Raymond Aceto had a strong final night realizing the production’s particularly sadistic take on Hunding, while Elizabeth Bishop scored an impressive triumph in her final traversal as Fricka. Bishop left the proverbial blood on the floor in her scene Wednesday, and some of the cutesier directorial touches ended up looking very petty indeed next to the majesty with which she imbued the scene.
In my review of the Cycle I Walkure I criminally omitted a discussion of the Walkuren themselves (though others most certainly did not), but the strong WNO lineup deserves further mention. Spurred on by driving tempi in the pit, this cast delivers a high-octane start to Act III that rightly outshines the fun staging with the parachutes. Standouts include rich, high volume Hojotoho’s from Lori Phillips’ Gerhilde (who makes clear in a few measures that she is also covering Brunnhilde for this run); the warm urgent mezzo of Domingo Cafritz young artist favorite Daryl Freedman; and this production’s Erda, Lindsey Ammann, whose spectacular low notes make for an instantly memorable Schwertleite (quick someone do a list of biggest names to play Schwertleite).
The updated version of this production continues to reward in many ways. This time I was particularly struck by the care with which Zambello has choreographed blocking beats to take advantage of the music, some surely inspired by the original stage directions. Churning music in the opening prior to Siegmund’s entrance is set to Sieglinde staring mournfully from the screen door of her hut; a suddenly quiet passage near the end Act II provides an opportunity for Wotan to cradle the dying Siegmund; the several bars of tonally ambiguous transition music leading into the magic fire music catches Wotan bereft and alone in a cold spotlight against the back of the stage; and so on.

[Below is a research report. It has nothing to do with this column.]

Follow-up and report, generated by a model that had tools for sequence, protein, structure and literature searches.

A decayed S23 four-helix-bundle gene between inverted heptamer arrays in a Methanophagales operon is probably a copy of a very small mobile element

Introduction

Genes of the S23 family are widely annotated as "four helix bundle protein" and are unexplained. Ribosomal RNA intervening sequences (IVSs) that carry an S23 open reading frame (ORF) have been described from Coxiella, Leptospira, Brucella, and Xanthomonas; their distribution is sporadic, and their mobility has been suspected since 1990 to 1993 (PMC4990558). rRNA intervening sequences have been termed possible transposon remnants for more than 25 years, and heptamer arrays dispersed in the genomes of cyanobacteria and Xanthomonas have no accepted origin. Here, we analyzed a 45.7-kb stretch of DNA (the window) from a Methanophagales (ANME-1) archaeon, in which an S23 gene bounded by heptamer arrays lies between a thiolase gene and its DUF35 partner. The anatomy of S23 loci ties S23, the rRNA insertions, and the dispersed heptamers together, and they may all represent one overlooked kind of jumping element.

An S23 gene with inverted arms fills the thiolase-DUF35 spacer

I still object to those blasted transitional projections, though, and have finally put my finger on what that “flight of Siegmund through Rock Creek Park” projection looks like, i.e., a budget karaoke background for Duran Duran’s “Hungry Like the Wolf.”